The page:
Eerie, enticing, and easy to enjoy.
EIDOLON, Grace Draven. Book #2 of The Wraith Kings duology. Draven continues the story of Ildiko and Brishen, a human wedded to a Kai prince who sleeps by day and lives at night. He’s not a vampire, just part of a race with strange opalescent eyes that can’t bear sunlight. In this sequel, the lovers battle a force of demons unleashed by his mother. Fast-paced adventure laced with adult romance.
ENDER’S GAME, Orson Scott Card. Terrific sci-fiction. The plot: Earth is threatened by an alien species determined to destroy the human race with superior technology. The defense: A military program that trains gifted children in search of a commander who can’t be broken. They think they’re playing a video game, but it’s so much more. A wonderful classic.
WANT TO READ
THE EGYPTOLOGIST, Arthur Phillips. Billed as a “darkly comic labyrinth of a story.” Follows an archaeologist who discovers King Tut, an Oxford professor who has a rare scrap of hieroglyphic porn, and an Australian detective. Could be fun.
THE EYRE AFFAIR, Jasper Fforde. Imagine time travel as a norm, and literary portals that allow you to enter books and ensure the characters are acting as the author intended–or change what happens. Clever premise. Reviews at Goodreads are all over the place, so I might wait.
THE BARDS OF BONE PLAIN, Patricia McKillip. Three trial, three terrors, three treasurers. Phelan thinks the legend of Bone Plain is just that. But his research reveals much more. He’s joined by his historian father and a princess who loves adventures outside the castle. An enthralling read.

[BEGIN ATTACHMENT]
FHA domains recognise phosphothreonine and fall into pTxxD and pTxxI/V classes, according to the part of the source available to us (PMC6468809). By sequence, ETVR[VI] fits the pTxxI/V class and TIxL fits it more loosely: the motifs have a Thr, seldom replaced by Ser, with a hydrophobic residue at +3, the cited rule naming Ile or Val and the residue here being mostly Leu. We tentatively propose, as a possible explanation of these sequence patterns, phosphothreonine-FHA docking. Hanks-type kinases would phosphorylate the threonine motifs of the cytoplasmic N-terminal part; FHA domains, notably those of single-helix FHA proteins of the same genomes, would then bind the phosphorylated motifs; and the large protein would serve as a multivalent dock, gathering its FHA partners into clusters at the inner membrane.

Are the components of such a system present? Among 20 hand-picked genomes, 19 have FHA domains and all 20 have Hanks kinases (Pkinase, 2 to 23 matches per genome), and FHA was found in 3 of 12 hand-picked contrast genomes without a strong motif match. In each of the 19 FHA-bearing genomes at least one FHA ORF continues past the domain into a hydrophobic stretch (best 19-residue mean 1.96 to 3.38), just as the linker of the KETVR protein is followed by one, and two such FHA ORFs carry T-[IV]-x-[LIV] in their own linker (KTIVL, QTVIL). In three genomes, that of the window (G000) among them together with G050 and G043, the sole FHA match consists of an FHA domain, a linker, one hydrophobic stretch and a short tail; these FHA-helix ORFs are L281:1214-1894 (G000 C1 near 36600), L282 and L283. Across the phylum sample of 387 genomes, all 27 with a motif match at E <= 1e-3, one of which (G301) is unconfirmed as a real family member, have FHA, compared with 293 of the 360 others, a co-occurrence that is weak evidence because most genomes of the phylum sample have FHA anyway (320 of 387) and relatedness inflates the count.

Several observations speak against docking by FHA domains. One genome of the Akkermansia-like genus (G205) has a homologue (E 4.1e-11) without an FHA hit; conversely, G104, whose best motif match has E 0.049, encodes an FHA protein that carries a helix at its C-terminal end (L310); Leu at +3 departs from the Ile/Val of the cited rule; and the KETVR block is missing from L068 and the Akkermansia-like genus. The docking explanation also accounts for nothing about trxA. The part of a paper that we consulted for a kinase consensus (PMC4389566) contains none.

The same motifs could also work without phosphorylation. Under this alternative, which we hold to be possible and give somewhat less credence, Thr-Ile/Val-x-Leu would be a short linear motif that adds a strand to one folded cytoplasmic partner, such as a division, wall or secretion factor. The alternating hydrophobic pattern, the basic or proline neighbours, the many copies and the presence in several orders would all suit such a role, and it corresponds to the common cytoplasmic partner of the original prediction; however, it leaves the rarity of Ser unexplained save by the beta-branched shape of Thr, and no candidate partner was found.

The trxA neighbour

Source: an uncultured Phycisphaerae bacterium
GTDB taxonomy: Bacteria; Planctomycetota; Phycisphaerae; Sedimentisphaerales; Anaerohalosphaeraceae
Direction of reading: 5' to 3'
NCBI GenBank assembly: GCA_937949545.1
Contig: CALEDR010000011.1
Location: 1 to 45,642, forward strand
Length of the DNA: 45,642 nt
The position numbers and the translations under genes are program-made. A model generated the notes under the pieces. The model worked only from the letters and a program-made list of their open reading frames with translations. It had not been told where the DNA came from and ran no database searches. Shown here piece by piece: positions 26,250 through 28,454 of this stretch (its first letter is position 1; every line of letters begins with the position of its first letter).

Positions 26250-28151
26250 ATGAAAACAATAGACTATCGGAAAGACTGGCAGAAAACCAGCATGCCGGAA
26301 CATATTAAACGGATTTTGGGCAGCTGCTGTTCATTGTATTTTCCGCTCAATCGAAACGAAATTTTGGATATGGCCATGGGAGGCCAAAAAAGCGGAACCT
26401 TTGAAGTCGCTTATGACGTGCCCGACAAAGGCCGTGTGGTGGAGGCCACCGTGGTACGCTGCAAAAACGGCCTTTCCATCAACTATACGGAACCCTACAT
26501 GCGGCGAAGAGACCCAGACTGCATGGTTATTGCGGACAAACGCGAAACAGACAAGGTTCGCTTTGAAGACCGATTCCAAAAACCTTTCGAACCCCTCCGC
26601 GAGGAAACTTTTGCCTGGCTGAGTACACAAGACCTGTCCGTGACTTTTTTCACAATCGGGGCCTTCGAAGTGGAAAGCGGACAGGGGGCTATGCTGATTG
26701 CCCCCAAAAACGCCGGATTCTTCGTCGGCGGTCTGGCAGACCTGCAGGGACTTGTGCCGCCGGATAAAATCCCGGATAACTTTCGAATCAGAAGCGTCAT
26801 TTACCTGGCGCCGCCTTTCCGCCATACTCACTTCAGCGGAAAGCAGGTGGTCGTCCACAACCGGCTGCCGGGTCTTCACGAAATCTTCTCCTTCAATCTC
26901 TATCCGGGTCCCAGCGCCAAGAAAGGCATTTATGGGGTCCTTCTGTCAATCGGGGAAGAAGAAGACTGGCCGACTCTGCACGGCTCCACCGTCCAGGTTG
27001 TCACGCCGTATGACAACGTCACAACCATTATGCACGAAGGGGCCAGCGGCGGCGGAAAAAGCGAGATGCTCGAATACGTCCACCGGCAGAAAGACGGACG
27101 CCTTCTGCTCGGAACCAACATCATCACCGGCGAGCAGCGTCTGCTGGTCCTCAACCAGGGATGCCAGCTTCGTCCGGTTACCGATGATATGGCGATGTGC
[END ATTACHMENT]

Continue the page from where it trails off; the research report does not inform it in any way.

A BEAUTIFUL POISON, Lydia Kang. A wonderful 1918 murder mystery that involves childhood friends reunited at an engagement party. Lots of interesting historical notes about science and the time period.
THE BELL AT SEALEY HEAD, Patricia McKillip. An intriguing story that revolves around the mystery of why everyone in the seaside town of Sealey Head hears a bell at sunset, and why certain doors at a guest house open to another time. Another McKillip classic.
BITTERBLUE, Kristin Cashore. I think this is the best of Graceling books. Now a queen, Bitterblue learns her realm is under the spell of a madman and she must rely on the help of two thieves to untangle the past and save the future.
THE BLACK WITCH, Laurie Forest. Some reviews on Goodreads criticize its supposed racist slant, while others note that’s to be expected in a book about prejudicial characters. Will have to read and decide for myself.
BORN WICKED, Jessica Spotswood. A story of three sisters who are witches in an alternative 1870s New England. Sounds interesting, and I’m ready to try anything with “wicked” in the title. 😉
BRUJA BORN, Zoraida Cordova. I suppose I should read LABYRINTH LOST first. The story of a Latina healer in Brooklyn.